The digital collections of cultural institutions offer immense opportunities for digital humanities (DH) research and scholarship. However, the potential of such projects is contingent on the quality of the collection data upon which they are based, and because of this, DH projects often involve the repair and augmentation of institutional data. Example projects (Hinchcliffe) demonstrate some of the ways in which institutional collection data can be enriched but also highlight the fractured nature of this process, with modified collection data operating in isolation from the institutional source. There is little evidence of improved data being reincorporated into institutional collections. This means that users of those cultural collections do not benefit from the insights of those DH projects, and the results also have a less than optimal future with regards to sustainability: despite having their own funding difficulties, the collections of cultural institutions are almost inevitably more sustainable than those of individual DH projects. Reincorporating improved collection data is not a trivial concern, with significant technical and authorial considerations, but nor is it an impossibility.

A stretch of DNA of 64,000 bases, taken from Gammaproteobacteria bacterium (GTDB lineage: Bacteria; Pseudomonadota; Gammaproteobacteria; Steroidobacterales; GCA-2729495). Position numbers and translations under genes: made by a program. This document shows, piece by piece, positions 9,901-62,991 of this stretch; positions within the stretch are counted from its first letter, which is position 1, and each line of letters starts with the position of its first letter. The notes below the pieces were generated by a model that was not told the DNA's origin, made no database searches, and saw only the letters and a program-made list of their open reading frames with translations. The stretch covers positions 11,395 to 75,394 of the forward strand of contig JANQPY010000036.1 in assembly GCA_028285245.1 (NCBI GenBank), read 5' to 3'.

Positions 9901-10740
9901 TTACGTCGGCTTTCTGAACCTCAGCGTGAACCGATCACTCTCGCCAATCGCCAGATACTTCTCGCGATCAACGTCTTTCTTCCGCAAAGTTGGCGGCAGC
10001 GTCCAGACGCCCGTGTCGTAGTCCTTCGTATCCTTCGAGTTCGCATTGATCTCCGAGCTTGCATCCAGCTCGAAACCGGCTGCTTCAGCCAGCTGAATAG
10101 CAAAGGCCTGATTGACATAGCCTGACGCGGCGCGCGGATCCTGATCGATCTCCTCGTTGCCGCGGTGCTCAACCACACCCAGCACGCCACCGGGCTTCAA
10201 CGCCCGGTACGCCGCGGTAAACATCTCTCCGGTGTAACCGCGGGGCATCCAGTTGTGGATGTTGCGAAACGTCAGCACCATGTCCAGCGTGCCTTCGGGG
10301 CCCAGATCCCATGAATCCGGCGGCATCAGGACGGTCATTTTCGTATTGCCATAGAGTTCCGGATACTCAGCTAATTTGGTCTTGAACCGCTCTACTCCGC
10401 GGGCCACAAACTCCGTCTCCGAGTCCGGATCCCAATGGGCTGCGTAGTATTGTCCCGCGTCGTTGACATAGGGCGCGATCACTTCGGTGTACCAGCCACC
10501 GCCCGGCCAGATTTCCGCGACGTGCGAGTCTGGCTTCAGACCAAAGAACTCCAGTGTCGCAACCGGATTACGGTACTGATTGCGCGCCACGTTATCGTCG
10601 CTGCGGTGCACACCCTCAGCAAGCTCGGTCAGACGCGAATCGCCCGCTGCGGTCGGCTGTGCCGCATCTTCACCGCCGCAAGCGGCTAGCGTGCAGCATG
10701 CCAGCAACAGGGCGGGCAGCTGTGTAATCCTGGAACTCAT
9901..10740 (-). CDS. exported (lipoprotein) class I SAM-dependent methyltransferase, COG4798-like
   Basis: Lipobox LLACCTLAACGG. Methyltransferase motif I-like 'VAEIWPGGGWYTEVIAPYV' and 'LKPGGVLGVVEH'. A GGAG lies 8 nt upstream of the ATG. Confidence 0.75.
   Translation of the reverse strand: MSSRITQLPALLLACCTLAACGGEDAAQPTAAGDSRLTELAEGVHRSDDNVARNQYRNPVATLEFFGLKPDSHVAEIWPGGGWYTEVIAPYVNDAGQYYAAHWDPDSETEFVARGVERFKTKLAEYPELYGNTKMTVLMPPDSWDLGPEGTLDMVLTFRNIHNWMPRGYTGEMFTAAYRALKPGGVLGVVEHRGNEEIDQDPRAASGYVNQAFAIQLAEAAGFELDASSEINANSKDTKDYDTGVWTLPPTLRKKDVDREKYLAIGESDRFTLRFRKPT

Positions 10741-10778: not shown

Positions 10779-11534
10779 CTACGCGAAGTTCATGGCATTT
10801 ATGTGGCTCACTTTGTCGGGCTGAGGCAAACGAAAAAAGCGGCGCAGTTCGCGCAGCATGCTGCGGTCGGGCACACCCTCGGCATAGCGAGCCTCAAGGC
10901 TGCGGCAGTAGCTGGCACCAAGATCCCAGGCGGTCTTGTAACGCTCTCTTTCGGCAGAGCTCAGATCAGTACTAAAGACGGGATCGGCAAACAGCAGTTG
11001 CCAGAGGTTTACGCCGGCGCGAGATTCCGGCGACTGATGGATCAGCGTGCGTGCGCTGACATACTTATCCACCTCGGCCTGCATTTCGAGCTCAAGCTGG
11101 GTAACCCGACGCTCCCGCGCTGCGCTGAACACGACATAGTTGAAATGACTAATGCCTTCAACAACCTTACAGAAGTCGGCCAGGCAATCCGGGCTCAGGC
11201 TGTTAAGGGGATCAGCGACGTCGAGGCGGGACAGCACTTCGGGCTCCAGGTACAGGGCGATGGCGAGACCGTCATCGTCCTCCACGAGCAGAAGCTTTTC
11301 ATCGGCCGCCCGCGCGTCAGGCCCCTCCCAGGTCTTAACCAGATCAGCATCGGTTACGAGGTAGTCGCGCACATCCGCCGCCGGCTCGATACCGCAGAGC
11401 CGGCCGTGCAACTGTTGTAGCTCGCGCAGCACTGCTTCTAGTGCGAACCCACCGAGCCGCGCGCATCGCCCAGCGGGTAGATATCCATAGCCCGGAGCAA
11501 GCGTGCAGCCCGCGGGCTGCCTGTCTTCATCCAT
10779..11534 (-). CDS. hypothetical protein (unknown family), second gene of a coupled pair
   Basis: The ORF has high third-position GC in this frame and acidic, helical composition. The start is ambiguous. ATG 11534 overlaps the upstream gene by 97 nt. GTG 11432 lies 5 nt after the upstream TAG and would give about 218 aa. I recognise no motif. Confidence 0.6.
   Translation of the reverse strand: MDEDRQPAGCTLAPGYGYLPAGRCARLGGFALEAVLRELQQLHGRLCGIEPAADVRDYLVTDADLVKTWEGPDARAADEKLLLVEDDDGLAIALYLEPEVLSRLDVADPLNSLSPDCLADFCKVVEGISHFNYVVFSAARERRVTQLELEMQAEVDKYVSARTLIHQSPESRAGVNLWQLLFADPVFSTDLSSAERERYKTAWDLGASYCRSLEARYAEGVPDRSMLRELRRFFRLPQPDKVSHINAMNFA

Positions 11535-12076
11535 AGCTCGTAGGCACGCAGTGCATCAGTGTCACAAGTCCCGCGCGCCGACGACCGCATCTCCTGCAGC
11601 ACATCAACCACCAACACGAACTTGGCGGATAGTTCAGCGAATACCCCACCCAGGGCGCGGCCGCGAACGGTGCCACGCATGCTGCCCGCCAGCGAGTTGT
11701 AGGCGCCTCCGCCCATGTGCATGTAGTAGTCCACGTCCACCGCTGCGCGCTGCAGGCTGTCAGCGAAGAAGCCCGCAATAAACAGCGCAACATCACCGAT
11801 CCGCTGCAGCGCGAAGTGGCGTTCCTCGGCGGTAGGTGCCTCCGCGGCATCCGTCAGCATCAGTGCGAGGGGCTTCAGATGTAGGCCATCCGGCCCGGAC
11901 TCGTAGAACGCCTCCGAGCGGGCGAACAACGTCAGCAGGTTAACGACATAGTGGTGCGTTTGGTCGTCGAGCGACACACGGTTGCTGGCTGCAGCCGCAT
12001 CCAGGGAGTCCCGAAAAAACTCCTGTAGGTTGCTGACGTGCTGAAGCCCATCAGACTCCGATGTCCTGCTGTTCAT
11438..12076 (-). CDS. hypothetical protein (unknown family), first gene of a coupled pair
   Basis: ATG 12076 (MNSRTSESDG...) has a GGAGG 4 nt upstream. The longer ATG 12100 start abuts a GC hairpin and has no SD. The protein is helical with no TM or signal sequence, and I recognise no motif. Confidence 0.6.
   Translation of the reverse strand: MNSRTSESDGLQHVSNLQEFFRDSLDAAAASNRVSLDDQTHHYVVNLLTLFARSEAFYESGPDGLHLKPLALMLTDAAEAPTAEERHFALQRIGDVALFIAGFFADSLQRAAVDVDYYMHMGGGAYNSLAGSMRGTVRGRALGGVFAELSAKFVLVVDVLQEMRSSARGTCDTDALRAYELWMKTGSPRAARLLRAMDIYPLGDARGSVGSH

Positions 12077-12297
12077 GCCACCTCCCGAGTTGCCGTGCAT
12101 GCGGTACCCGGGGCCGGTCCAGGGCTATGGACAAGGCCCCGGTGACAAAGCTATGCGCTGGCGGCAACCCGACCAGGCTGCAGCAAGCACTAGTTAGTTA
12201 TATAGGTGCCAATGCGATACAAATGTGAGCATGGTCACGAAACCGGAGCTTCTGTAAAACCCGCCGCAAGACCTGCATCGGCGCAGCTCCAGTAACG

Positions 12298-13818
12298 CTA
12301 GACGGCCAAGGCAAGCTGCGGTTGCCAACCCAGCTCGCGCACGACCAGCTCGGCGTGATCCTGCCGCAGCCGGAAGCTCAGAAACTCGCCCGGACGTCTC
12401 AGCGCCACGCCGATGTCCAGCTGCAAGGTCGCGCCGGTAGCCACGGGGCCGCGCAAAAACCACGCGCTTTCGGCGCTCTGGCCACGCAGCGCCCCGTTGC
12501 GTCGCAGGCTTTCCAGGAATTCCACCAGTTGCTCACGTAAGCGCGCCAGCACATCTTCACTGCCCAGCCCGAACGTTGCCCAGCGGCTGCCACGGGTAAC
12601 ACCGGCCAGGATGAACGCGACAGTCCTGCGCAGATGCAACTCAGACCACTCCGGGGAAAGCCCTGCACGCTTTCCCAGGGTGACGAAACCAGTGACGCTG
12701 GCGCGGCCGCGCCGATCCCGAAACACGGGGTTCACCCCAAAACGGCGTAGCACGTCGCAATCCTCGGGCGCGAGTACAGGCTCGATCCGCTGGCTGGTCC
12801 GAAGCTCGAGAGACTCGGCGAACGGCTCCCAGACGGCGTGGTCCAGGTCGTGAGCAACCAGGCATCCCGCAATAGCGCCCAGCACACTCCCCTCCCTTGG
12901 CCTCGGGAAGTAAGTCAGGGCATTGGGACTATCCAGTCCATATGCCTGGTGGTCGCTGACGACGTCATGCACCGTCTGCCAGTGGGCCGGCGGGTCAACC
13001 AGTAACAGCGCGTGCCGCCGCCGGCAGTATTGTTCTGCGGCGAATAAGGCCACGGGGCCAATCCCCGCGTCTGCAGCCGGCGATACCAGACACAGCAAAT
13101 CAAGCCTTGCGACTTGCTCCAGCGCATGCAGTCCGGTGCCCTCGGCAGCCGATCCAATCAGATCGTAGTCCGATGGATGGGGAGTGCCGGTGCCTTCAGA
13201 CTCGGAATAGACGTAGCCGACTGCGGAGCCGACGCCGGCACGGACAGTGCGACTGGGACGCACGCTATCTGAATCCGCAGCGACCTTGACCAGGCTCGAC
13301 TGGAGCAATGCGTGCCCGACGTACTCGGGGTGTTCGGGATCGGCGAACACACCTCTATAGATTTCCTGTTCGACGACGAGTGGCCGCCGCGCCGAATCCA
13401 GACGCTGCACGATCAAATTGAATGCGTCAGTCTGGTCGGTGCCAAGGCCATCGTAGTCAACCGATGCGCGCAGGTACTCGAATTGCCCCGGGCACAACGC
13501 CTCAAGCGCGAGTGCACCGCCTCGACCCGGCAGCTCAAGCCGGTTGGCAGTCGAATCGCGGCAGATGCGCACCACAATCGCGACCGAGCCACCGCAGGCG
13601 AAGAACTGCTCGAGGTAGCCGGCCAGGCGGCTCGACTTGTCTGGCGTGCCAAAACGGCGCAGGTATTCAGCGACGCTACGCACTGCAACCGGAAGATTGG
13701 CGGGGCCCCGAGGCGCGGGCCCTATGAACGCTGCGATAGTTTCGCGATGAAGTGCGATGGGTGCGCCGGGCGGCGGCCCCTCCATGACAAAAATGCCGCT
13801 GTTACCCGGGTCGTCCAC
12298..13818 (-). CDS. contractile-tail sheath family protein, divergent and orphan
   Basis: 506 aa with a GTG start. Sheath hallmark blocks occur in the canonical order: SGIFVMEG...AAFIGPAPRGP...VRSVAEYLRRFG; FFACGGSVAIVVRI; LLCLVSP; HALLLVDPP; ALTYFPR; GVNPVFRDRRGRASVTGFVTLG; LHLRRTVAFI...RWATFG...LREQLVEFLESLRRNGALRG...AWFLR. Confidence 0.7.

Bode and Hetherington’s To be continued: The Australian Newspaper Fiction Database demonstrates how an independent DH project can facilitate reintegration of improved collection data via the National Library of Australia’s Trove collection aggregator. The To be continued project harvests records from Trove; supports audience editing and repair of data; and publishes the improved records back into Trove, closing the virtuous data circle. To be continued offers an inventive process for reincorporating improved collection data but also foregrounds the agency of audience in the curation and repair of collections. The paper considers ways to foster and respond to communities and connections that operate within this humanities data cycle in order to develop new models for participatory digital heritage. We argue that collaborative models are vital to addressing the overwhelming quantity (and sometimes dubious quality) of humanities data in the present and into the future, and instrumental to demonstrating the currency of the humanities in the public realm. Digital cultural collections (and digital humanities projects) should not be conceived as read-only broadcast systems, a digital facsimiles of analogue records. These systems need to be more attuned to the affordances - social and technical - of the settings in which they operate; to support a multidirectional model in which audiences (including DH researchers) can collaborate.